Harvard Business School is carrying out a comprehensive study on the issues affecting the development of Islamic banking. The study is being sponsored by institutions in the Middle East and US, and is aimed to lay down some basic principles to support the growing interest in Islamic banking methods and practices.
Several banks in the region are planning to increase their Islamic banking activities, including the Jeddah-based National Commercial Bank (NCB), which is supporting the Harvard project, and the US’ Citibank.
The Harvard study is expected to be completed by the end of 1995, and the results are planned to be published in the first quarter of 1996. It is being carried out by about 20 specialists and aims to provide a definition of Islamic banking, a survey of Islamic economics, information about the size of the market and ways of developing it, and an examination of existing Islamic products.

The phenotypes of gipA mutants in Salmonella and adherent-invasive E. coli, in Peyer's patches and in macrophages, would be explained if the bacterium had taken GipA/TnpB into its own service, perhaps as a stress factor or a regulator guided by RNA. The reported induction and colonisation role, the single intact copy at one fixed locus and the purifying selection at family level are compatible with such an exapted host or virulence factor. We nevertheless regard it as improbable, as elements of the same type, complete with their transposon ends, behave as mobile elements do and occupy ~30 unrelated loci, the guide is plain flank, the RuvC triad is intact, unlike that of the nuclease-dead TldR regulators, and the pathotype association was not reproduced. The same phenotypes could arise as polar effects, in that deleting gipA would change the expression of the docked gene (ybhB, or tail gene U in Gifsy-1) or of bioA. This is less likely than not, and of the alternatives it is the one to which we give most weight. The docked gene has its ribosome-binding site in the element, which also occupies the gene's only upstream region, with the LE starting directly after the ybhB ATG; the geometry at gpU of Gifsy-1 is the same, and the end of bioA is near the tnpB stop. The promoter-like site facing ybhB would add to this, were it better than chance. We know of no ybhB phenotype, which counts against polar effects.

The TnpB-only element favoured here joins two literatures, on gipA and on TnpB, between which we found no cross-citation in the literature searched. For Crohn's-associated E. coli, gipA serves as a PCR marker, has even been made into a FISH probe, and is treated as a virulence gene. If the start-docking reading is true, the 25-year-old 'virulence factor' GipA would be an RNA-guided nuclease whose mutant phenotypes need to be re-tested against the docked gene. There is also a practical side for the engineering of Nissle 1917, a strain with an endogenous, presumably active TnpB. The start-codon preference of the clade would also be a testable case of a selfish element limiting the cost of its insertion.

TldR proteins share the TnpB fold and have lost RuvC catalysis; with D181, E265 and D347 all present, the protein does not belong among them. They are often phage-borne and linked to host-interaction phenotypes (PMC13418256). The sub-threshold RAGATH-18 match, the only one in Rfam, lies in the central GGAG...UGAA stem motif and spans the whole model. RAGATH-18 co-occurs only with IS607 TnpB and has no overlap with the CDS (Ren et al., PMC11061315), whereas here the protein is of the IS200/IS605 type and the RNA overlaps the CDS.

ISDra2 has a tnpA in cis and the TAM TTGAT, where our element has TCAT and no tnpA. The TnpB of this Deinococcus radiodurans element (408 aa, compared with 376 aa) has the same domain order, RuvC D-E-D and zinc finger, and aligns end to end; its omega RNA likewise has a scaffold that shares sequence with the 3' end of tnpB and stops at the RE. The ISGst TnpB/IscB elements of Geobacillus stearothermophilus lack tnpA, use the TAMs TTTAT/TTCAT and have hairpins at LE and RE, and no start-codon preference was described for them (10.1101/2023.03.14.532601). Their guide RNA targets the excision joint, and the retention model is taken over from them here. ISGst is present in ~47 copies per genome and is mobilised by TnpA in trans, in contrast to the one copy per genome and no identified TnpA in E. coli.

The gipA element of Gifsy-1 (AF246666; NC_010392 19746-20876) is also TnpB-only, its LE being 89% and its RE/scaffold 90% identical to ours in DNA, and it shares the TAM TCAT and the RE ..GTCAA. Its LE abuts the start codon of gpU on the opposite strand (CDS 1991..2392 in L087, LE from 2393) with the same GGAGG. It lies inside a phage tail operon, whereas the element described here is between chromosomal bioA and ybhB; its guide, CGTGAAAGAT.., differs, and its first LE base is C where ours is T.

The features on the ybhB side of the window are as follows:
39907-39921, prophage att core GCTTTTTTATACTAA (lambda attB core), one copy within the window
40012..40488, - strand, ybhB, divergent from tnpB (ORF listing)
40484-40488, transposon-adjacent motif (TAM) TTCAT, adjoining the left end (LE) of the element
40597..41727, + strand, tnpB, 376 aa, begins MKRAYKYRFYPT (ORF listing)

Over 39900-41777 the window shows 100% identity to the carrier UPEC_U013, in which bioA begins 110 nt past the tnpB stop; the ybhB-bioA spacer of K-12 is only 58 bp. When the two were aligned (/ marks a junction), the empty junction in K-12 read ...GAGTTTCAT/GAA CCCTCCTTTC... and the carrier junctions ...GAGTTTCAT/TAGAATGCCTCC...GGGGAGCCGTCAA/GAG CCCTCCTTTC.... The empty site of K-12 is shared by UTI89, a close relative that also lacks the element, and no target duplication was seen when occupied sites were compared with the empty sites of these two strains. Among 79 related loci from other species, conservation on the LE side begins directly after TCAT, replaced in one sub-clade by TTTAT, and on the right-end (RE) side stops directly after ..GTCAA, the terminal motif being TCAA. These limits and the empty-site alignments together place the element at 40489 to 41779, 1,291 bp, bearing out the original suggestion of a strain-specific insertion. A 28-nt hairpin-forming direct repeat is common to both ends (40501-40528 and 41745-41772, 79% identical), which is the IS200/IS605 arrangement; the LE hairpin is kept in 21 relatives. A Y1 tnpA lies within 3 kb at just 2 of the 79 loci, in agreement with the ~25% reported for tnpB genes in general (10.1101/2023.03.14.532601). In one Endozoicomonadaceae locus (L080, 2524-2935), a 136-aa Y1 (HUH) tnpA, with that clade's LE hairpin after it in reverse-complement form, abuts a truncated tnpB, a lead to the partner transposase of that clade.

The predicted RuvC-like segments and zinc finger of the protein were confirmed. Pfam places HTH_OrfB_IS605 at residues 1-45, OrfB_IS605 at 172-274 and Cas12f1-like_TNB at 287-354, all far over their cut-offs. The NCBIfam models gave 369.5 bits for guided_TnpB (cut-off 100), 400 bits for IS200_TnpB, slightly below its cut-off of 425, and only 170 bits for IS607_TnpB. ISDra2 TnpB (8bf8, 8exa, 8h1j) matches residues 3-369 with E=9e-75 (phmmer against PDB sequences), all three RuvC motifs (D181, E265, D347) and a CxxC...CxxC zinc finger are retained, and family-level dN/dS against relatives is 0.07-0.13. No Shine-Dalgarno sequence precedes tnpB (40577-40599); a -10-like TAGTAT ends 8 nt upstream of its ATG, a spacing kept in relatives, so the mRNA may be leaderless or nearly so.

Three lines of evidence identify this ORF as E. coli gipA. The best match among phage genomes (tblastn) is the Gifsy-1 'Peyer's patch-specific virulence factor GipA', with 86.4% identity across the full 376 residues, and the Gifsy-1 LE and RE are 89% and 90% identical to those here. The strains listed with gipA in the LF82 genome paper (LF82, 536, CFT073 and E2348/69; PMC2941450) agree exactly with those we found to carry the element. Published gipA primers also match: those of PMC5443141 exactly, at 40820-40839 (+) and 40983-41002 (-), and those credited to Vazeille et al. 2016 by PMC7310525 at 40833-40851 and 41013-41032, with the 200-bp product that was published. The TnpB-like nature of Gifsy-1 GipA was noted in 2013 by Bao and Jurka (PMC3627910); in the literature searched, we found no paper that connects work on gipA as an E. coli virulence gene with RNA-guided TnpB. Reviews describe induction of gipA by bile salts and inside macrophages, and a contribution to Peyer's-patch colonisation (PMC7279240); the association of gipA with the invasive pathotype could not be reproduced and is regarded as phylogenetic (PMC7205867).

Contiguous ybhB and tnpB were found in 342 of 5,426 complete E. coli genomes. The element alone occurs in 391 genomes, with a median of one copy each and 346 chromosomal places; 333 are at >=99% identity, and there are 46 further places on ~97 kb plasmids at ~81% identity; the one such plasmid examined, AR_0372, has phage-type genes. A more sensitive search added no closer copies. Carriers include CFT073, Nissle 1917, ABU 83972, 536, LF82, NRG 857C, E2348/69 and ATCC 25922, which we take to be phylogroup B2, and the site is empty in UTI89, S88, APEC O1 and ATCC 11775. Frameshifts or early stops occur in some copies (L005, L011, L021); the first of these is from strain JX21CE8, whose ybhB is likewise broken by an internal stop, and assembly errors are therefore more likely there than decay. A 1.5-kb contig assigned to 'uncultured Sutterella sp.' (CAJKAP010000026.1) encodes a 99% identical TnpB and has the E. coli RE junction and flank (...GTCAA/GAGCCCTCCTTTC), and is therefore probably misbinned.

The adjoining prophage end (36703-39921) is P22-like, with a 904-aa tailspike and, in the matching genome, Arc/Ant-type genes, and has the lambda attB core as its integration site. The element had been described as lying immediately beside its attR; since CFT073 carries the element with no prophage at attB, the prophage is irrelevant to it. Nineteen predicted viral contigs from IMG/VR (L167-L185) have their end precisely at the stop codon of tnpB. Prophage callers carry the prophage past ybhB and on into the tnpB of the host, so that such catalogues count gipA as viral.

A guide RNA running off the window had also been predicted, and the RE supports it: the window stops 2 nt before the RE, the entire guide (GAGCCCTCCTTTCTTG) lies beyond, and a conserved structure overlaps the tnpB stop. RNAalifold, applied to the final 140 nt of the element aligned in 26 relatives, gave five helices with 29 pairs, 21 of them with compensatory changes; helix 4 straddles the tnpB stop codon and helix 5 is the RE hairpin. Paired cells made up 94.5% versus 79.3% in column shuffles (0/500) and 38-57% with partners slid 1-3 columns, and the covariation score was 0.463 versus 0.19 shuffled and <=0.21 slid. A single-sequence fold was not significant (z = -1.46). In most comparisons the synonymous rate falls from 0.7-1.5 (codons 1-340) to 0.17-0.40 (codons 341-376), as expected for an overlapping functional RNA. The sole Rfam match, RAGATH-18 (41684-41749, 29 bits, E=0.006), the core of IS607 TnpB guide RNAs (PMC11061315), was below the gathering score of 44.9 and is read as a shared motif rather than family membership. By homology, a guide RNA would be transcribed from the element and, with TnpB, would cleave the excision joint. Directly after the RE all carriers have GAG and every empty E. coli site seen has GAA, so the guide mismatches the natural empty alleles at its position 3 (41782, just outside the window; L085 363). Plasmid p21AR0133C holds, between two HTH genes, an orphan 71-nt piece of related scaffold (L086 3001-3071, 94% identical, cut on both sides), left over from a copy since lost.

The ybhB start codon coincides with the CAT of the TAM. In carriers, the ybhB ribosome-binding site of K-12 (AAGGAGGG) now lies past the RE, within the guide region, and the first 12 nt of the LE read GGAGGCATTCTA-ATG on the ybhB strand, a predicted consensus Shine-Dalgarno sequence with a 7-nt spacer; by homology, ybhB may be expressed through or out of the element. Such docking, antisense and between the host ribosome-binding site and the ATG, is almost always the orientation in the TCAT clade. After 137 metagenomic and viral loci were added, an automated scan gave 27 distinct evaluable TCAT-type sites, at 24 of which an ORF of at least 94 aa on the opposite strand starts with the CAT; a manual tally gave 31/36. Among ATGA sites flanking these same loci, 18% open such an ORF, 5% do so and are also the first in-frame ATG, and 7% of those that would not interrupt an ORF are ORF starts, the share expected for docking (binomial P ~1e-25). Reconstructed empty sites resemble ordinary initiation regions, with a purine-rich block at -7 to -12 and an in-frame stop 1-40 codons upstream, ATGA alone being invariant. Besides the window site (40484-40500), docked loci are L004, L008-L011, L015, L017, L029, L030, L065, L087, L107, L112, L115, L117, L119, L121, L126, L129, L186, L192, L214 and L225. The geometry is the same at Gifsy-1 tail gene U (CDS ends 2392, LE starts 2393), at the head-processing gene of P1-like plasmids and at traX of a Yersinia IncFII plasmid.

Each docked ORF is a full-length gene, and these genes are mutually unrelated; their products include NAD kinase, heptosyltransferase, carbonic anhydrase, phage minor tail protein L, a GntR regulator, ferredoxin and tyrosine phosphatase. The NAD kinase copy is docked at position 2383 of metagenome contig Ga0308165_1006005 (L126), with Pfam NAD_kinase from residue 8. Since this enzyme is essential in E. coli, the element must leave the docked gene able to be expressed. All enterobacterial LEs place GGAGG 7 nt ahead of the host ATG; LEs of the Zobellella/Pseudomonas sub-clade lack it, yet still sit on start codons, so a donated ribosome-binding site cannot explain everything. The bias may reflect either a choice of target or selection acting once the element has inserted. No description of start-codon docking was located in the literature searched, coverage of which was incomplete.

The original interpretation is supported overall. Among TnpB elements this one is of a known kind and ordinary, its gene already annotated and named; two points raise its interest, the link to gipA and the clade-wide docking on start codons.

The sponsors are NCB, which was the initiator of the plans, the Boston- based portfolio manager Wellington Management, which has worked with NCB on its global Islamic equity fund, and Goldman Sachs. The Jeddah-based Islamic Development Bank is also sponsoring the project and providing expertise in the sharia law, which governs Islamic banking practice.
The US’ Citibank is planning to expand its activity in Islamic banking. At present, the institution operates an Islamic banking unit within the bank, but is reported to be considering setting up a separate banking arm with its own capital base in Bahrain.
NCB is also developing its Islamic banking activities, and is now carrying out a market survey of the Saudi market, which is expected to take three to six months (see Saudi Arabia).